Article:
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Here’s what we have going at this hour:

  1. West warns Russia amid Crimea threat (BBC) — Ukraine isn’t sorted out; not by a long shot.
  2. No bond for teen facing murder charge in Dutch Fork student’s death (thestate.com) — As mentioned previously, attorney Todd Rutherford said his client will seek to invoke South Carolina’s “Stand Your Ground” law.
  3. Chairman of Richland’s election board gives up seat (thestate.com) — In that he won’t seek re-election to the post. Not normally front-page fodder, but with the way things are going with this group… Meanwhile, lawmakers are seeking candidates for two open seats. Hey! Where’d everybody go…?
  4. British Spies Reaped Millions of Webcam Images, Some of Sex (NYT) — Apparently, James Bond’s sex life has now been reduced to watching other people on webcams.
  5. After shutdown, lawmakers donated more than $465K (WashPost) — I thought you could use a sorta, kinda feelgood story about members of Congress. Of course, they CAUSED the mess to begin with, so this could sort of go under the heading of purchasing indulgences…
  6. First lady unveils food label reforms (The Guardian) — The thing I like about this is that serving sizes will be adjusted upward, to reflect how much we actually eat (really, who eats only half a cup of ice cream?). So we’ll see how many calories we’re really getting.

A few glimpses of the human cost of Syrian war

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Our own Bryan Caskey brings our attention to some stunning pictures (maybe not as technically arresting as the Ukraine ones from the other day, but the content and framing make up for it) in The Daily Mail, with these comments:

Not sure if you’ve seen this or not: http://www.dailymail.co.uk/news/article-2568251/UN-calls-Syrian-warring-sides-allow-aid-flow.html

 

Normally, I’m kind of down on journalists, but in this instance, a photographer has truly done the “picture is worth a thousand words” thing with the first photo. I’m not making a political point. I just thought this photograph was extremely evocative of the scale of human suffering in Syria.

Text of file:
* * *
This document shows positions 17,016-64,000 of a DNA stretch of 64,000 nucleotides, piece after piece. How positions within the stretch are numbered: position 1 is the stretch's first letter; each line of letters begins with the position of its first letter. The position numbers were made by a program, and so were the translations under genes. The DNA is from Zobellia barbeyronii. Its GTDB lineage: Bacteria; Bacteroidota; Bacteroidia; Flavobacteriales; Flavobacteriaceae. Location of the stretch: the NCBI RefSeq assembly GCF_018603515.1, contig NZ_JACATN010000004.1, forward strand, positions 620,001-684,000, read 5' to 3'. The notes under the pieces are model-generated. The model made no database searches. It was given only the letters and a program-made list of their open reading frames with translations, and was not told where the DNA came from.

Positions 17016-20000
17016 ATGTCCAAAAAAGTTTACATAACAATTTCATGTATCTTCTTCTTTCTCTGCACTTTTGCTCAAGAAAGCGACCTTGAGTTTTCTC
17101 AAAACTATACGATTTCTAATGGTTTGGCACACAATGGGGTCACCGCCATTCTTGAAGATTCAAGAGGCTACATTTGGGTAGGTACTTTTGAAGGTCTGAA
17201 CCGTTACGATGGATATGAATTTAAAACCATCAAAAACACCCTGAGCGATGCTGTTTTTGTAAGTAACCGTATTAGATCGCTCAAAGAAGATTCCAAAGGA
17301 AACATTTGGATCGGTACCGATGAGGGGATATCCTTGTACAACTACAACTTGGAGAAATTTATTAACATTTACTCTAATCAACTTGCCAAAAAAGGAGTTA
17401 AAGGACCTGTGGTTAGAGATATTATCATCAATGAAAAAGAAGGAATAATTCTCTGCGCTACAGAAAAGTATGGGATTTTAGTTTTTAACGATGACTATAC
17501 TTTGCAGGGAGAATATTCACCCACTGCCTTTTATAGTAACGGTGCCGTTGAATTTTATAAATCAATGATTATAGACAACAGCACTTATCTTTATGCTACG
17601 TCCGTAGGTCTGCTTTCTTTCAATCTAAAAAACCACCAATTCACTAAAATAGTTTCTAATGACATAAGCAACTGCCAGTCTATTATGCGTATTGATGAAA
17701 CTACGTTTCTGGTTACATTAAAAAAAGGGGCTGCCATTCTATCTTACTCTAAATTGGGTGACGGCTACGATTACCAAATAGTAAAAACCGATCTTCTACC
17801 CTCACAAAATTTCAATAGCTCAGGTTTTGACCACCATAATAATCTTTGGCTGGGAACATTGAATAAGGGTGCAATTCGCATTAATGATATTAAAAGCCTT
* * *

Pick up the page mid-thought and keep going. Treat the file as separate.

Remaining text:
So this is one of those times that I’m giving journalists some praise. Since you’re a journalist (or at least a former one) I thought that you would appreciate it.

I hope all concerned consider my showing you the image above to fall within the realm of Fair Use (seeing as how I can’t afford to pay for it). There would seem little point in this post if I didn’t at least show you that. I urge you to go to the site itself and see all of the pictures, and if you are so inclined, to subscribe to the Mail and give your custom to their advertisers.

Congratulations to the photographers involved, whom the Mail, unfortunately, does not name. Especially the one who shot the image above, which is the most dramatic (the cutline: “Residents of Syria’s besieged Yarmuk Palestinian refugee camp, south of Damascus, crowding a destroyed street during a food distribution led by the UN agency”). We whose comfortable behinds stay in more convenient parts of the world depend on those who go there and do good work to tell us what the rest of the world is like.

As for Bryan’s illiberal asides regarding journalists (I wouldn’t know he was down on us if he hadn’t mentioned it), you’d think a lawyer would be wary of casting aspersions at entire professions (right, Juan?). But we like him anyway.

Your Virtual Front Page, Tuesday, February 25, 2014

Just a quick one:

  1. US plans full Afghanistan pullout (BBC) — Interestingly, both the Beeb and The Guardian are leading with this, but U.S. outlets are not…
  2. No charges in Columbia police probe (thestate.com) — But will we ever know what happened between those top cops?
  3. House GOP tax plan would lower rates but add surtax (WashPost) — MEGO, but I suppose it’s important.
  4. Infighting Hurts Ukraine Efforts to Form a Government (NYT) — Man, it sure would be nice if things would settle down over there. And in Venezuela. And in Thailand, where my daughter is
  5. Bitcoin Site Mt. Gox Halts Transactions (WSJ) — You know, I’d ‘splain this to y’all, but first I’d have to be surer than I am that I understand what bitcoin is and how it works. Money, of course, is an abstraction based on aggregations of belief regarding value. Bitcoin seems to be more so. But I get lost after that…
  6. Bill blocking abortions after 20 weeks heads to SC House (thestate.com) — So I guess we’re headed for a big Kulturkampf fray.